Very hot days will become more common across the U.S. in the coming years without climate action, according to a study released Tuesday by the Union of Concerned Scientists. 

Researchers with the science-based advocacy group predicted temperatures across the U.S. based on three models: one where the U.S. takes no action to combat climate change, one with slow action and one with rapid action. 

In the "no action" model, UCS predicts global average temperatures will rise by 8 degrees by midcentury, defined as 2036-2065. With "rapid action," that number is reduced to 3.6 degrees. 

The study looked at the likelihood of increasing heat index values, which quantify "feels like" heat levels when humidity is taken into account.

Without action, the average number of days per year with a heat index above 100 degrees will more than double, while the number of days per year above 105 degrees will quadruple.  

In this scenario, more than one third of the U.S. will experience one day per year, on average, that reaches a temperature "off the charts" of the current National Weather Service heat index range, the study found.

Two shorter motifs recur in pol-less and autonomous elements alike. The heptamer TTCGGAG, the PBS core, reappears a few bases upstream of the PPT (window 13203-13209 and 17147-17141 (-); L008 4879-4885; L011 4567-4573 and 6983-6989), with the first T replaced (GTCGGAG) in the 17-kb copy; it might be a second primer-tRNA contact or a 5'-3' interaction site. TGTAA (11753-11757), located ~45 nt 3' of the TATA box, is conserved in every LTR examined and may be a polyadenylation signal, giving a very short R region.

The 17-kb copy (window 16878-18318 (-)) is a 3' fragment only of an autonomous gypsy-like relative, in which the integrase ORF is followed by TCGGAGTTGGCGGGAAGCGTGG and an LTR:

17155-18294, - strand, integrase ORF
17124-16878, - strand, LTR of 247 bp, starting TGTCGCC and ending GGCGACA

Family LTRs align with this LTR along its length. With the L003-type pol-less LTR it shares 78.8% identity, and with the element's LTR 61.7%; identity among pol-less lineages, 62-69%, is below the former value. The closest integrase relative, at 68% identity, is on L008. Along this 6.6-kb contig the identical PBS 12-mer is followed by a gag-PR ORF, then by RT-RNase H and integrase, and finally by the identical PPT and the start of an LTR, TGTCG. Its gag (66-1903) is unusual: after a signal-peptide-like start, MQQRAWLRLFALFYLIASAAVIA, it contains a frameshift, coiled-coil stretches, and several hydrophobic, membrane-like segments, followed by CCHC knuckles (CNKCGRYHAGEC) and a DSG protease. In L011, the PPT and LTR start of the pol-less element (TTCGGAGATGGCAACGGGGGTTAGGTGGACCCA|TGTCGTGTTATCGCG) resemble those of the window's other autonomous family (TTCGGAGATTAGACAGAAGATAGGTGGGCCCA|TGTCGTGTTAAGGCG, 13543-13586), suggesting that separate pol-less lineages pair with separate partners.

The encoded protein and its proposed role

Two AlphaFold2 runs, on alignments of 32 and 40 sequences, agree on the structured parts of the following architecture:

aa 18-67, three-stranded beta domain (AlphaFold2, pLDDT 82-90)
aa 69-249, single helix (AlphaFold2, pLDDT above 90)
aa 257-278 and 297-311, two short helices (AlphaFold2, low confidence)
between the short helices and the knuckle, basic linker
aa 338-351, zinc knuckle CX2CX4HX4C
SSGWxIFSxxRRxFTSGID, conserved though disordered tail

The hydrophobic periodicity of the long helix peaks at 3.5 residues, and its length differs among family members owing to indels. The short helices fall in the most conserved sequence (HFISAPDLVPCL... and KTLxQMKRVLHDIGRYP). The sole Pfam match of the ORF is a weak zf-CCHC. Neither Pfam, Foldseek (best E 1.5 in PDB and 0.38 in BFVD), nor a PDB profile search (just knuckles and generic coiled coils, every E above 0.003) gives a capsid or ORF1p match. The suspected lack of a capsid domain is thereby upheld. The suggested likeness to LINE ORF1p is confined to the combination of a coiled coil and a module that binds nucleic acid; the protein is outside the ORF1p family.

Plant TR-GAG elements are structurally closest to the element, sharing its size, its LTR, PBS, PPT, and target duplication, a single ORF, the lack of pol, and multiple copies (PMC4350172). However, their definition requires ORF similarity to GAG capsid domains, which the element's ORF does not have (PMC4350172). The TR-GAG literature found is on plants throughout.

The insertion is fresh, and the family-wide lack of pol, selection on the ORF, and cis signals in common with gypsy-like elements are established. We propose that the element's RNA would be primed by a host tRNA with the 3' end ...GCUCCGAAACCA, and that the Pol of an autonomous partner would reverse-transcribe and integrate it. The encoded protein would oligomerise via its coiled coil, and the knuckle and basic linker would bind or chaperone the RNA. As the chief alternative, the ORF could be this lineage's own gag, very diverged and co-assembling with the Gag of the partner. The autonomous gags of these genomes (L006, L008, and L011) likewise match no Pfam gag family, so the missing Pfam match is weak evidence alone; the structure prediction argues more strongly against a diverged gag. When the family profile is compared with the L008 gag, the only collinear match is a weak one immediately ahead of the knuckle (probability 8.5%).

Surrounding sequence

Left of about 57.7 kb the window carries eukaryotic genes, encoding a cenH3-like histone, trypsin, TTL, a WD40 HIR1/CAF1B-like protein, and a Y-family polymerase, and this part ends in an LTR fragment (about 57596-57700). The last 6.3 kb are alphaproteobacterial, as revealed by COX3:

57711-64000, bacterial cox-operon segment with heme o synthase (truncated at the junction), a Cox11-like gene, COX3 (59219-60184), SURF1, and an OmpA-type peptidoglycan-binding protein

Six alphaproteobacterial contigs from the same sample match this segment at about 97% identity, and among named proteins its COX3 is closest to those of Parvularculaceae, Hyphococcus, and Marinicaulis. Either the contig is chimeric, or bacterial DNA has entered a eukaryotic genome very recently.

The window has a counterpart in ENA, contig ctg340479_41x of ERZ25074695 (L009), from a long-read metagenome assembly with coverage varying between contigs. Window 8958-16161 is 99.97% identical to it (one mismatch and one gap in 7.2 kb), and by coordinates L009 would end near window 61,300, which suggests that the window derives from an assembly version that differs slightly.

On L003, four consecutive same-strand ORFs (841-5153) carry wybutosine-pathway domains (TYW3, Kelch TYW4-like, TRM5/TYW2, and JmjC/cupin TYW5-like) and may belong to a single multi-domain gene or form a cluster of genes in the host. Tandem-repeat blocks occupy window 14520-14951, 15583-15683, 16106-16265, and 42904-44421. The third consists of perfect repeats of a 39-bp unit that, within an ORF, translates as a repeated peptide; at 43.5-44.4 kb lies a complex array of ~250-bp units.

Currently, the National Weather Service does not have standard guidance for the health risks that come with these unprecedented "off the charts" temperatures. Any level of exposure is assumed to be "extremely dangerous for all people and likely to result in heat-related illness or even death," according to the study. 

The hardest hit areas in the U.S. would be the Southeast, Southern Great Plains and the Southwest, the study found. 

Cities like Dallas, Fresno, Jackson, Memphis, Montgomery, Phoenix, Sarasota and Topeka could get significantly hotter. 

The research predicted more than 17 million people in Florida and about 23 million people in Texas would experience an average of 30 or more days each year with a heat index higher than 105 degrees. 

Some parts of Southern Florida would experience 170 days with a heat index above 100 degrees. 

More information on specific regions of the U.S. can be found here.

The full report is available here.